It is peak citrus time, which is great news. Not only are these delicious juicy fruits at their best flavour-wise, but they are also packed with vitamin C to help ward off winter colds, naturally.
Citrus exports from the Southern Hemisphere this season have been forecast 12% higher year-on-year, driven by increased in lemons and soft citrus.
However, the Covid-19 pandemic has impacted the Cape Town container terminal which has only been able to operate at 50% capacity due to high numbers of staff being affected by the pandemic. Exports of citrus are continuing from Cape Town with a main focus on services to Europe, UK, Med, Russia and North America.
Due to delayed berthing, shipments are being delayed. Citrus containerized exports from the Western Cape are being trucked in high volume other ports for exporting to ensure continuity in supply to markets.
The South African lemon industry is being very cautious with its export prospects. Large volumes are now on the way, but the large volumes from South Africa and Argentina may put pressure on the market. Exports are currently predicted to amount to 27.1 million boxes (15kg each), which is 5 million more boxes than last year. This increase is mainly a result of acreage expansion. Although the planting of new lemon trees has slowed down, more than 43% of all South African trees are four years old or younger.
The season started earlier this time. The volume of the Citrus fruit category exported is already greater than last year, with much of it going to the Middle East.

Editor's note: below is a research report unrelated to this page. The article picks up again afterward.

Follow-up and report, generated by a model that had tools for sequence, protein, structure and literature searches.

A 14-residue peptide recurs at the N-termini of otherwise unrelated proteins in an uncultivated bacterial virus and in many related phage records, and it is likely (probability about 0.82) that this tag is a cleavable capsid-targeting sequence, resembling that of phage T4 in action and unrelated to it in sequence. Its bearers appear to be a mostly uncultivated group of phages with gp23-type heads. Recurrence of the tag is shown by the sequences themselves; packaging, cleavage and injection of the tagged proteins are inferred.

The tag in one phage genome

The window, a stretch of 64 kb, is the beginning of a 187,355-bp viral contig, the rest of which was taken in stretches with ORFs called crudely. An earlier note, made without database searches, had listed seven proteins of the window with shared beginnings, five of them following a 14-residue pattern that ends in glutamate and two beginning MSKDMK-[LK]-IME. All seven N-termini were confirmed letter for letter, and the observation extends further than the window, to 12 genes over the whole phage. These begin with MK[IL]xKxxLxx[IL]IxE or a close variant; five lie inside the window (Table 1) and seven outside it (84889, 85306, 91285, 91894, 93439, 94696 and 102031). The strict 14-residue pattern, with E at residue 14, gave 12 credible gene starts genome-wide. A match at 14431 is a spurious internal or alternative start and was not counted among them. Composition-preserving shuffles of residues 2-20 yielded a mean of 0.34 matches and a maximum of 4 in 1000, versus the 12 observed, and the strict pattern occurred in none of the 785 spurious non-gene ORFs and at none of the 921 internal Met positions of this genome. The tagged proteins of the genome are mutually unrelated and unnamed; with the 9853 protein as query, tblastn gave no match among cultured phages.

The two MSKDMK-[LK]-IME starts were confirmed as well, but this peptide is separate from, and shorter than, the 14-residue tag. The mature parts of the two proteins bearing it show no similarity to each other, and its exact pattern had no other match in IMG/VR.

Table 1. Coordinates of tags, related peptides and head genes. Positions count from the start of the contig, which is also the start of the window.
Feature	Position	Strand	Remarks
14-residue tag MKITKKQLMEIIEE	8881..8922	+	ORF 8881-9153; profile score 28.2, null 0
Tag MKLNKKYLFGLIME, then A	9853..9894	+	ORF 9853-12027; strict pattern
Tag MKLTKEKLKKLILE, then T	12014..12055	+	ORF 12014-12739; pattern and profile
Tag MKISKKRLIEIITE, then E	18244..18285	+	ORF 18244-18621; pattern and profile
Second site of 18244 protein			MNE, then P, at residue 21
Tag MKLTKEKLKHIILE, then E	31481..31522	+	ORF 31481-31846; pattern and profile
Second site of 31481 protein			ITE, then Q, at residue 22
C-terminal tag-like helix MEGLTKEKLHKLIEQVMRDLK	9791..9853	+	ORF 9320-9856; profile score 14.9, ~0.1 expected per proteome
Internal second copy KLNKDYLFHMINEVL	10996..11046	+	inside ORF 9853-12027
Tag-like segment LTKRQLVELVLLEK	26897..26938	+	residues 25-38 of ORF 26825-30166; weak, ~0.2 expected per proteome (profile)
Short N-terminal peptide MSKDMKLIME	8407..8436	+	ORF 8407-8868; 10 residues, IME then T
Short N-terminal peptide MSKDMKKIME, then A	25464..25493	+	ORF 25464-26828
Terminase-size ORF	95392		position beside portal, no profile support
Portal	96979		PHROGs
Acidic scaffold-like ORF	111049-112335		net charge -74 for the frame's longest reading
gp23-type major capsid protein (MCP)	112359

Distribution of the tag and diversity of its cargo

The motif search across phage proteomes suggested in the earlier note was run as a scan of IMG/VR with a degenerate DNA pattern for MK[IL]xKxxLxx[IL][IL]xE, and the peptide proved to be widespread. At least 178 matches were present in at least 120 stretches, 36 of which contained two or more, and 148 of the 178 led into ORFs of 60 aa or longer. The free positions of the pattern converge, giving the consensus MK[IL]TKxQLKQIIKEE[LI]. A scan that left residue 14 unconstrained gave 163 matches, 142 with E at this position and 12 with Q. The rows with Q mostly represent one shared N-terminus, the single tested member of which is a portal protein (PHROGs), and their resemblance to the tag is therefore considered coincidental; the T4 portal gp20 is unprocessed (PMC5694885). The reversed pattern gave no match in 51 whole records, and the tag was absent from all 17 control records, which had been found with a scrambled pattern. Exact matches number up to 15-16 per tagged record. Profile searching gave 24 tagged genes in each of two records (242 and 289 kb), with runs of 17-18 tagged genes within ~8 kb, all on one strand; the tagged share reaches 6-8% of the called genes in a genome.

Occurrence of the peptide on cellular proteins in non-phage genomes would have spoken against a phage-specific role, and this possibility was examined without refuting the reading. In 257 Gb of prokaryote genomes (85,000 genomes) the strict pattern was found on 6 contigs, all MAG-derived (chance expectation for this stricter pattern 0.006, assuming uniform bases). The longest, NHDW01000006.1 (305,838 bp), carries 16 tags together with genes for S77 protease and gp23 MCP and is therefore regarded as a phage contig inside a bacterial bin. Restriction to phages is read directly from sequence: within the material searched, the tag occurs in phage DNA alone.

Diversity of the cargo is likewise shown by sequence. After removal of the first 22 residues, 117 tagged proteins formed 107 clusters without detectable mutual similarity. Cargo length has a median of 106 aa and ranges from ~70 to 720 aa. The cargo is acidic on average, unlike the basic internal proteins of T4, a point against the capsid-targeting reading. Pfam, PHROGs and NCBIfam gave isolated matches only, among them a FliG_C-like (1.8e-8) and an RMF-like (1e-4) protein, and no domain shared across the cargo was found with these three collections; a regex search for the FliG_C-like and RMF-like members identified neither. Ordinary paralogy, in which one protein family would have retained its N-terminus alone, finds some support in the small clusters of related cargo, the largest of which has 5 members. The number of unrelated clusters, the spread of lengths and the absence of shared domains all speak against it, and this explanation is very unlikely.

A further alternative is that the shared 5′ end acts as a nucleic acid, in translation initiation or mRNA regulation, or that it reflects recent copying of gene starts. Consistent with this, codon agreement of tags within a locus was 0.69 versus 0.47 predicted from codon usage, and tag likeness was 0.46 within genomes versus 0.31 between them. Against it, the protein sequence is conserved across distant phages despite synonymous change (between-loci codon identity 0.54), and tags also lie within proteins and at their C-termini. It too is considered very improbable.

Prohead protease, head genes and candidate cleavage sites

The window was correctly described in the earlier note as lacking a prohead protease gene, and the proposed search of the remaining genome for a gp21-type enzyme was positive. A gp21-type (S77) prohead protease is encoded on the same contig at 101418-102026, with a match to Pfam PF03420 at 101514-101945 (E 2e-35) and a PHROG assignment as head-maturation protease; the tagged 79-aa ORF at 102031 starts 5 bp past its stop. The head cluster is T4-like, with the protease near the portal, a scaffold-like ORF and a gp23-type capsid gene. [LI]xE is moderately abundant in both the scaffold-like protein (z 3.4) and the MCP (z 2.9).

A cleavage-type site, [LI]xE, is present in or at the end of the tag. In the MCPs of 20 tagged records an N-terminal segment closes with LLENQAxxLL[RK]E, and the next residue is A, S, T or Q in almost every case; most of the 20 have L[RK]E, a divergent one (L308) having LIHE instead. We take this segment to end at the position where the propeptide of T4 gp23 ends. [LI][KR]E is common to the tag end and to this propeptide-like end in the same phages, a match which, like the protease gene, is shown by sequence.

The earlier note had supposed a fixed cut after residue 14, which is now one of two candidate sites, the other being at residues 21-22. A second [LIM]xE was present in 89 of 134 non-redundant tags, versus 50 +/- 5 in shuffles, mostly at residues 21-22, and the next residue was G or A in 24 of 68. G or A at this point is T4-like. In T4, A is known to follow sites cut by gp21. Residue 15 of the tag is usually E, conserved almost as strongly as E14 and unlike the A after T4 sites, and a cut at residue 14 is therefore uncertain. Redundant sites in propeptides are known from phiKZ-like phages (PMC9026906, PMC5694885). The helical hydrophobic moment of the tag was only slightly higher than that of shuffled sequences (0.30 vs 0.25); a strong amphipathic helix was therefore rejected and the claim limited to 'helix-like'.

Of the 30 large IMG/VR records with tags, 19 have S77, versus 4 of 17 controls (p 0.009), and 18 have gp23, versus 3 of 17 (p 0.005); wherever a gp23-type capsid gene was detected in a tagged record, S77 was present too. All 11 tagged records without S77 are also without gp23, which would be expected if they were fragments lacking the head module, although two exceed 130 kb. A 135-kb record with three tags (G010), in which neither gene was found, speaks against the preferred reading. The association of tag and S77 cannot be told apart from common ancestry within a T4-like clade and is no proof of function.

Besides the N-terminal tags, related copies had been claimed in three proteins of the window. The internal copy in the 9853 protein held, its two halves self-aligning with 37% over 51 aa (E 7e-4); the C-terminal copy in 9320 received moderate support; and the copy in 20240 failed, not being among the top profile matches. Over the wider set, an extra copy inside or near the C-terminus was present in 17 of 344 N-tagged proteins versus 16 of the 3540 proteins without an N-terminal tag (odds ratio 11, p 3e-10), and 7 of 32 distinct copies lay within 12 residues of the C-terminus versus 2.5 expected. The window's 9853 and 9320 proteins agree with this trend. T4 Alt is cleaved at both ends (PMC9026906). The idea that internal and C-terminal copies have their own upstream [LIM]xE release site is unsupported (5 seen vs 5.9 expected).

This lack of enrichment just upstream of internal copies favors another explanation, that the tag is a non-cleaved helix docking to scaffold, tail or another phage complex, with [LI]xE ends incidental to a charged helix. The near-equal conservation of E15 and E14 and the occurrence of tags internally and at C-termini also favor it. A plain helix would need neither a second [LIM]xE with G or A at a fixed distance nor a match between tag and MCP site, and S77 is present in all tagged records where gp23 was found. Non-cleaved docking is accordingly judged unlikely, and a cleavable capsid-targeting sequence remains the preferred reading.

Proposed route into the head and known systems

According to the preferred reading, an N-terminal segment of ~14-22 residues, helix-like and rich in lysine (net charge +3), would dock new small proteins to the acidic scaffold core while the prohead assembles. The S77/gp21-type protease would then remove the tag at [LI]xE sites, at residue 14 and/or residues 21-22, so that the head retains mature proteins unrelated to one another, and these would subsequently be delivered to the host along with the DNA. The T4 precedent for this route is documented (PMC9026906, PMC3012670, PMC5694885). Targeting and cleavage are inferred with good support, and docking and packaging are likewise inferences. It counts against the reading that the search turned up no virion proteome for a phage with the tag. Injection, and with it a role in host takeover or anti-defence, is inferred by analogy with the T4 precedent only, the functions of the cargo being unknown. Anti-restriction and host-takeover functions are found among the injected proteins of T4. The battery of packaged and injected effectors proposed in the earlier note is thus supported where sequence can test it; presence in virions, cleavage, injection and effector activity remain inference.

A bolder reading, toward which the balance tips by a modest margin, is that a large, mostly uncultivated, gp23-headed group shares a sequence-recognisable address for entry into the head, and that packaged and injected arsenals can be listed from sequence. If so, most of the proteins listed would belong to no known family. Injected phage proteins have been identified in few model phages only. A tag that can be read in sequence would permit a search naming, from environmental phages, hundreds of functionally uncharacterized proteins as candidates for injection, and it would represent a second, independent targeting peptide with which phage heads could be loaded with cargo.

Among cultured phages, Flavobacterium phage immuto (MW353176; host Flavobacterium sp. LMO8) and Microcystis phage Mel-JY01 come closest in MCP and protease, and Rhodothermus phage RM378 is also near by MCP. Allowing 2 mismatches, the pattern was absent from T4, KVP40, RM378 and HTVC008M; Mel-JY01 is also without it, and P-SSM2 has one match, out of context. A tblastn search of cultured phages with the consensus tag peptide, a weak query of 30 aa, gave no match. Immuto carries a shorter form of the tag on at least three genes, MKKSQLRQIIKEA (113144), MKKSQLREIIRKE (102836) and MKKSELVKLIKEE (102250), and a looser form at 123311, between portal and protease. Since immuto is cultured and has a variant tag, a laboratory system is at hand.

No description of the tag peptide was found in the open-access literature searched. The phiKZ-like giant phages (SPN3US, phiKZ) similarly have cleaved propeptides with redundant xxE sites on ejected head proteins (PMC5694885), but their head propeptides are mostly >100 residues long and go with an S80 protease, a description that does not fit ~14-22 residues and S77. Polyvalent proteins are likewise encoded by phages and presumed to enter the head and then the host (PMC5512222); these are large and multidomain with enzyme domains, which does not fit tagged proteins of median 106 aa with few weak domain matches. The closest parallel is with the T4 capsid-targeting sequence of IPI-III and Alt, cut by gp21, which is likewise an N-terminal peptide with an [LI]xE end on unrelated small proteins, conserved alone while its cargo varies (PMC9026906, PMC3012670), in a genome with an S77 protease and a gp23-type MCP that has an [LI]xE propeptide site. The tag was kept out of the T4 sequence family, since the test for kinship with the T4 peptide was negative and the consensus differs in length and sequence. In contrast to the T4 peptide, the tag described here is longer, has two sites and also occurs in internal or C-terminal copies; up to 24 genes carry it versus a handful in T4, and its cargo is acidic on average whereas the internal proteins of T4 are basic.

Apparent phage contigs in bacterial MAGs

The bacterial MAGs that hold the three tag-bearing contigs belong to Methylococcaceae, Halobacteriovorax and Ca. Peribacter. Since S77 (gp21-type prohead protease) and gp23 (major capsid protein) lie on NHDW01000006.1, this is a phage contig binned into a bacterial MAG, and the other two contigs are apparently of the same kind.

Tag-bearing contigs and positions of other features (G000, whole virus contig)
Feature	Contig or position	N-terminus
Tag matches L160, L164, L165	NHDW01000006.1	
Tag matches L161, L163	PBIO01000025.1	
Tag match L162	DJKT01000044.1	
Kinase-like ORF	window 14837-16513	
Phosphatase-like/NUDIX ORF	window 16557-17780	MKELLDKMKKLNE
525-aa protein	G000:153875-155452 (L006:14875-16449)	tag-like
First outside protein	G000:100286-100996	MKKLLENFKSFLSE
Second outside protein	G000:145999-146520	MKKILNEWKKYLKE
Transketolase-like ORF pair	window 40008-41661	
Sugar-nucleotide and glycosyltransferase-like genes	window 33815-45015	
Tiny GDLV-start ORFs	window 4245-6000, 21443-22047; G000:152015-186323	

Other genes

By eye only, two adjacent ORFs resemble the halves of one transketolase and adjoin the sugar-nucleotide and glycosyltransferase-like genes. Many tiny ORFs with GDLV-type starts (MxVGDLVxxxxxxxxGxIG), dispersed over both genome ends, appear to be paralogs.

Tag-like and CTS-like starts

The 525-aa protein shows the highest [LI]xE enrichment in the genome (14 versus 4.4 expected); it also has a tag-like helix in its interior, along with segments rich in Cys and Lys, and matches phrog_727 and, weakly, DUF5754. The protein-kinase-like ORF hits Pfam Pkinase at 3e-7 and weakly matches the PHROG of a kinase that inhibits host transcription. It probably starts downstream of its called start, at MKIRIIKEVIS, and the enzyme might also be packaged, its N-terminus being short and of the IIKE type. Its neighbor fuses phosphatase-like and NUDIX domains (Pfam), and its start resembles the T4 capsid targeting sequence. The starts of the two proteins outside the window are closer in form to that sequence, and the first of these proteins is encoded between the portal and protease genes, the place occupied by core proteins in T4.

See table below (Source: PPECB/Agrihub)
Soft Citrus has also revealed good growth in volumes during 2020. Currently, Europeans and UK price levels are better than last year when looking at kg prices. However, large volumes have been loaded to both Europe and England. The drive is supermarket sales. We will have to see how the extra volumes affect the market.
Ytd shipments from South Africa are showing 500K cartons shipped more compared to 2019 and 400K cartons more compared to 2018.
In July, a meeting of the membership by WCO (World Citrus Organization) will review the state of the industry and take stock of the latest consumer trends and producing countries’ experiences in the midst of the coronavirus crisis.
In the past months, citrus has been highlighted as one of the most attractive fruit categories for consumers, given their health properties.